Singularities in charged droplets
In this project we study the evolution of charged droplets of a conducting viscous liquid. The flow is driven by electrostatic repulsion (which pulls the droplet apart) and capillarity (that stabilizes the droplet). Charged droplets are known to be linearly unstable when the electric charge Q is above the Rayleigh critical value. Here we investigate the nonlinear evolution that develops after the linear regime. Using a boundary elements numerical method, we found that a perturbed sphere with critical charge evolves into a fusiform shape with conical tips at time T, and that the velocity at the tips blows up as (T-t)^alpha, with alpha close to -1/2. In the neighborhood of the singularity, the shape of the surface is self-similar, and the asymptotic angle of the tips is smaller than the opening angle in Taylor cones. The figure above depicts a charged conducting droplet surrounded by a dielectric (for example water in air). The charges cannot escape the droplet if ionization is negligible. The self-generated electric field tends to deform the drop, while the surface tension has a stabilizing effect.

Experimental work by T. Achtzehn, R. Müller, D. Duft and T. Leisner, suggest that when the droplet becomes unstable, it develops a fusiform shape with apices, and later jets of liquid emanate from these tips, as shown in the following figure: In this work we want to see if we can justify the formation of tips by using a simple fluid dynamical model. We would like to know what happens after the droplet destibilizes, if there are non-spherical equilibria,  and to describe how the droplet splits into smalles droplets.

Mathematical formulation
We are going to assume that the inertia effects are negligible, so we can describe the fluid flow with the Stokes equations, valid both inside and outside the droplet, with normal stresses given by (using repeated index summation convention) and zero tangential stress These equations are written using the usual stress tensor for newtonian fluids The electric field is assumed to be electrostatic on the exterior of the drop, while in the interior, the electric field is zero, because the drop is made of a conductor fluid. That means that the electric potential is a constant at the surface. The surface evolves because the normal component of the surface velocity equals the normal  component of the fluid velocity.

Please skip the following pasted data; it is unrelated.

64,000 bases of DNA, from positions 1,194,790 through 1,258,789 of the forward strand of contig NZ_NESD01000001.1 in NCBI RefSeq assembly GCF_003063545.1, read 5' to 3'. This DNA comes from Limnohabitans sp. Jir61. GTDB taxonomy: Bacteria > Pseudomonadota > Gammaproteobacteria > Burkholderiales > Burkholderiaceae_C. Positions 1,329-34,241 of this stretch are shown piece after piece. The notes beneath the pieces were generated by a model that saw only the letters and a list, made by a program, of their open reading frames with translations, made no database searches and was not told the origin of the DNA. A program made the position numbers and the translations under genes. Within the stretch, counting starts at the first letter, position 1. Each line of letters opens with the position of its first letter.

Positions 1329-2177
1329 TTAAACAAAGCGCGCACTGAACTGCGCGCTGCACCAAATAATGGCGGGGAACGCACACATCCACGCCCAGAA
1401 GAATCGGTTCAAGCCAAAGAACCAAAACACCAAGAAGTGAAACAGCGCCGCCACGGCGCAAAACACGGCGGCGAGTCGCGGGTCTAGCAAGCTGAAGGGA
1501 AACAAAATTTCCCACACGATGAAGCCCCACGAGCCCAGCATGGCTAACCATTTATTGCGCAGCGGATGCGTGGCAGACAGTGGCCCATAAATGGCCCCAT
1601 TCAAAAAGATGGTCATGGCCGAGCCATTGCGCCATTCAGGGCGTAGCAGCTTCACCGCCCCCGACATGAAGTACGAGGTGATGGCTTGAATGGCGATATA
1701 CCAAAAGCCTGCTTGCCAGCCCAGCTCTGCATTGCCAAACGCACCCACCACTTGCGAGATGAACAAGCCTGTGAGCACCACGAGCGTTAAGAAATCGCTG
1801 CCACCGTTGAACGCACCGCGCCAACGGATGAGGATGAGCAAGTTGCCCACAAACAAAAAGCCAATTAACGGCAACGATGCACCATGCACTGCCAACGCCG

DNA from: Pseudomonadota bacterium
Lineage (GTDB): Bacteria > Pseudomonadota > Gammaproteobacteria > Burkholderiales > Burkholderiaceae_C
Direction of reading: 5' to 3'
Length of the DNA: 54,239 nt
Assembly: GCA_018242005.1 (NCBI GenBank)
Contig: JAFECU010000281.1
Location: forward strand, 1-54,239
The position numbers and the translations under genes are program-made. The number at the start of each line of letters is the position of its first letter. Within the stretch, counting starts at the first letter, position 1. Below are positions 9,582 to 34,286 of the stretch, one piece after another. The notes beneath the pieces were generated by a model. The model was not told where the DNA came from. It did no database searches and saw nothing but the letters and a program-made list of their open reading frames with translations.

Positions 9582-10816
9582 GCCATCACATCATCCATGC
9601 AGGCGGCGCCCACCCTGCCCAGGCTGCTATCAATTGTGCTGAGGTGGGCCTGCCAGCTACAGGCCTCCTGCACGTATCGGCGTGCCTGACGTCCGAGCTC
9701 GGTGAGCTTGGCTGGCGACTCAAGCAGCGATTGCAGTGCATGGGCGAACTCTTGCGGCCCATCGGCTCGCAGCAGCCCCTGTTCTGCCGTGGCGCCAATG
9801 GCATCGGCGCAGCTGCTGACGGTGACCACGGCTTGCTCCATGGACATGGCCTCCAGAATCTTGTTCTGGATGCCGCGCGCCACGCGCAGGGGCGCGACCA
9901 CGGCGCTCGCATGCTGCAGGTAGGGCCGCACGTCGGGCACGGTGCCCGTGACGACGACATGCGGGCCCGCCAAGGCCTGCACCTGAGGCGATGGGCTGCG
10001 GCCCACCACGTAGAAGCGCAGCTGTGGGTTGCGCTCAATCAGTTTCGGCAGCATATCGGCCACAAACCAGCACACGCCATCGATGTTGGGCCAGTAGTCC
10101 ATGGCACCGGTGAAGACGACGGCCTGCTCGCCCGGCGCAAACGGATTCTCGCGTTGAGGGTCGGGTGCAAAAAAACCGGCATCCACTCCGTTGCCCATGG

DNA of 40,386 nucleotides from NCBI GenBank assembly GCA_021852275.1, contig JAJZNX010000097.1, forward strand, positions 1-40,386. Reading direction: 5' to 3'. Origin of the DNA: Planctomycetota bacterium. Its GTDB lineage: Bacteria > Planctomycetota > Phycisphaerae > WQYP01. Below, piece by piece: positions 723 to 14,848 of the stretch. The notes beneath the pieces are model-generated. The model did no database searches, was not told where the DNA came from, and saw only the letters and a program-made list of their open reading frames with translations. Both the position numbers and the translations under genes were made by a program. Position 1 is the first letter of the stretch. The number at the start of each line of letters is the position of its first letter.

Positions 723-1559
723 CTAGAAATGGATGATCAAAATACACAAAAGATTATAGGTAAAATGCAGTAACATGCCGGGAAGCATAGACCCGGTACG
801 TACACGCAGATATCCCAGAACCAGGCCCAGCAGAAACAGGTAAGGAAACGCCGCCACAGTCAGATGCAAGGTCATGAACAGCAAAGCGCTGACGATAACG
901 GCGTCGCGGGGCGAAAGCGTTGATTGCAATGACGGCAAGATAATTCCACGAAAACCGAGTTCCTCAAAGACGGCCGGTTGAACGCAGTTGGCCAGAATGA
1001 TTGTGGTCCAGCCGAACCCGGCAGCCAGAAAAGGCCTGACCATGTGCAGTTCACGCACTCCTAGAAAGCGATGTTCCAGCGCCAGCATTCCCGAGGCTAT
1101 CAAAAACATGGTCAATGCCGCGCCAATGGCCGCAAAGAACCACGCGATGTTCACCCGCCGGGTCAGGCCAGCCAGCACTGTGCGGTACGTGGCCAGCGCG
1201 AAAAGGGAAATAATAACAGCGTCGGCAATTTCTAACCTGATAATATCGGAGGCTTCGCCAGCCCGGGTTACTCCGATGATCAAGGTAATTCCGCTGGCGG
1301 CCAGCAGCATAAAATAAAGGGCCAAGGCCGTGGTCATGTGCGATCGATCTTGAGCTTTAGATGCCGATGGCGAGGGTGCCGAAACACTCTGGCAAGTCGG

Linear stability of the surface
We can get some insight on the stability of the droplet by looking at the linearized solutions of a perturbed sphere of radius R where the perturbing term is a spherical harmonic of indices l and m, which describe the shape of that particular mode. By substituting this expression into the equations of motion and dropping all quadratic terms we obtain g in terms of the charge Q, surface tension and the viscosities of the fluid in the exterior and interior of the drop When this quantity is positive, the drop is unstable, and when is negativ, it is stable. For the case l=2, it gives the critical charge described above.